Projects in Progress


Documentation of Medieval Architecture in the Early Work of Franz Kugler, 1829-1840

This article examines Kugler’s working method, focusing on his use of primary and secondary sources and ways of documenting medieval architecture in text and image. It analyzes notes and drawings in Kugler’s Nachlass in the Kunstbibliothek, Berlin, and his early publications, including numerous reviews of current literature published in his journal Museum: Blätter für bildende Kunst. Kugler’s work is placed in the larger context of what was then the interdisciplinary but rapidly specializing study of medieval history, literature, and art. His notes, drawings, and publications are shown to both follow and advance conventions established in this field since about 1800.


Architectural History in the Architecture Academy: Wilhelm Stier

Part three in a series with my earlier articles on Art History in the University, this article examines the history of the Bauakademie in Berlin and the place of architectural history in successive administrative and curricular reforms from the founding in 1799 to 1848. Like the earlier articles, it examines the training and career of the principal teacher of architectural history from 1828 to 1856, Wilhelm Stier (1799-1856). It draws on Stier’s extensive but little studied Nachlass in the Architekturmuseum of the Technische Universität and administrative documents in the Geheimes Staatsarchiv.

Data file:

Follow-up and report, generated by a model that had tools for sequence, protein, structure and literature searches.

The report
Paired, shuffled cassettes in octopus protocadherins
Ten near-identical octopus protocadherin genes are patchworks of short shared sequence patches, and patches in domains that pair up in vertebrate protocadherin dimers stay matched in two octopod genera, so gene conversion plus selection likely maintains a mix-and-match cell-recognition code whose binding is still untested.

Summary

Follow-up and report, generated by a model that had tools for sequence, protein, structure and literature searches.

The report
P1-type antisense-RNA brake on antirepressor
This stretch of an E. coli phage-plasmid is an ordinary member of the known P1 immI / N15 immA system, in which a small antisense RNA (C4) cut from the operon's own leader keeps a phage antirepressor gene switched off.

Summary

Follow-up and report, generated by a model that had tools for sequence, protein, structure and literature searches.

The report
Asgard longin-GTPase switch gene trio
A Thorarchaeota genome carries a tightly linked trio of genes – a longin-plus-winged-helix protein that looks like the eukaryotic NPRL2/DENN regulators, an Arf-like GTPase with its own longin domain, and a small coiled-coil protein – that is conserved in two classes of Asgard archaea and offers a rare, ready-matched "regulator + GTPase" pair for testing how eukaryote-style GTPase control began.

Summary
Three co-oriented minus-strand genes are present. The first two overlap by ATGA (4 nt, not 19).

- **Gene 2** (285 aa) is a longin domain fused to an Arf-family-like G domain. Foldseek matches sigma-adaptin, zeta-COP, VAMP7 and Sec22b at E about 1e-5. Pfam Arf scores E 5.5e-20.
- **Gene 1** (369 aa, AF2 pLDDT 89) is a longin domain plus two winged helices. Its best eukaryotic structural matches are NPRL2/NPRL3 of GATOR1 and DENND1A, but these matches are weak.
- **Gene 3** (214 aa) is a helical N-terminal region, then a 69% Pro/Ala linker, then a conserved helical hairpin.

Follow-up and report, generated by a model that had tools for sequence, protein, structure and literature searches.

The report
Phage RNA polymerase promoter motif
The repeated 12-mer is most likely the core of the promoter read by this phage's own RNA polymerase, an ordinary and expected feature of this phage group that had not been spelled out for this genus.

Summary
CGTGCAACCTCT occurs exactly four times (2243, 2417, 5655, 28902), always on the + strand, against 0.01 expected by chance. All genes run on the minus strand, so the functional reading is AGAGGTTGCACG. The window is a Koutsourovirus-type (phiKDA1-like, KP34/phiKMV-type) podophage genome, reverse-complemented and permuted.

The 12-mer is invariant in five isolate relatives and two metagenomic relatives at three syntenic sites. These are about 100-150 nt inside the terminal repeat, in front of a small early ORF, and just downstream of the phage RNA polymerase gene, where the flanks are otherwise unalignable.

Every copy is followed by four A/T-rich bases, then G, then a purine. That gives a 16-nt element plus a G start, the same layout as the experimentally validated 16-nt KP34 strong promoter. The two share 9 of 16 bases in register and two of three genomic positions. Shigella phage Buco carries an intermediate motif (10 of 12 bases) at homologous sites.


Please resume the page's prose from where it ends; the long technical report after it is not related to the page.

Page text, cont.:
Franz Kugler and the Making of Art History: Surveying a New Field

This book will provide a critical-historical study of one of the first surveys of world art, Handbuch der Kunstgeschichte (1842) and its author, Franz Kugler. The “making of art history” refers to Kugler’s own way of making, or doing, art history and to his still under-appreciated role in the formation of the discipline in the 1830s and 1840s. “Surveying a new field” picks up the mapping metaphor employed by Kugler and signals the important, but barely acknowledged, role of surveys in the definition of disciplinary objects of study in the early nineteenth century. The book seeks to correct the overemphasis, especially in Anglo-American scholarship, on the ostensible role of Hegel in the “birth” of art history. It situates Kugler’s work in the rich ferment of disciplines in formation after 1800, where it was more closely tied to, and drew mostly from, philology, archaeology, and history. The approach is interdisciplinary and contextual-historical and seeks to avoid the anachronistic projection of current disciplinary boundaries back onto the past. The argument is founded on close readings of primary source texts, both printed and archival, and on research in the history of universities and other disciplines.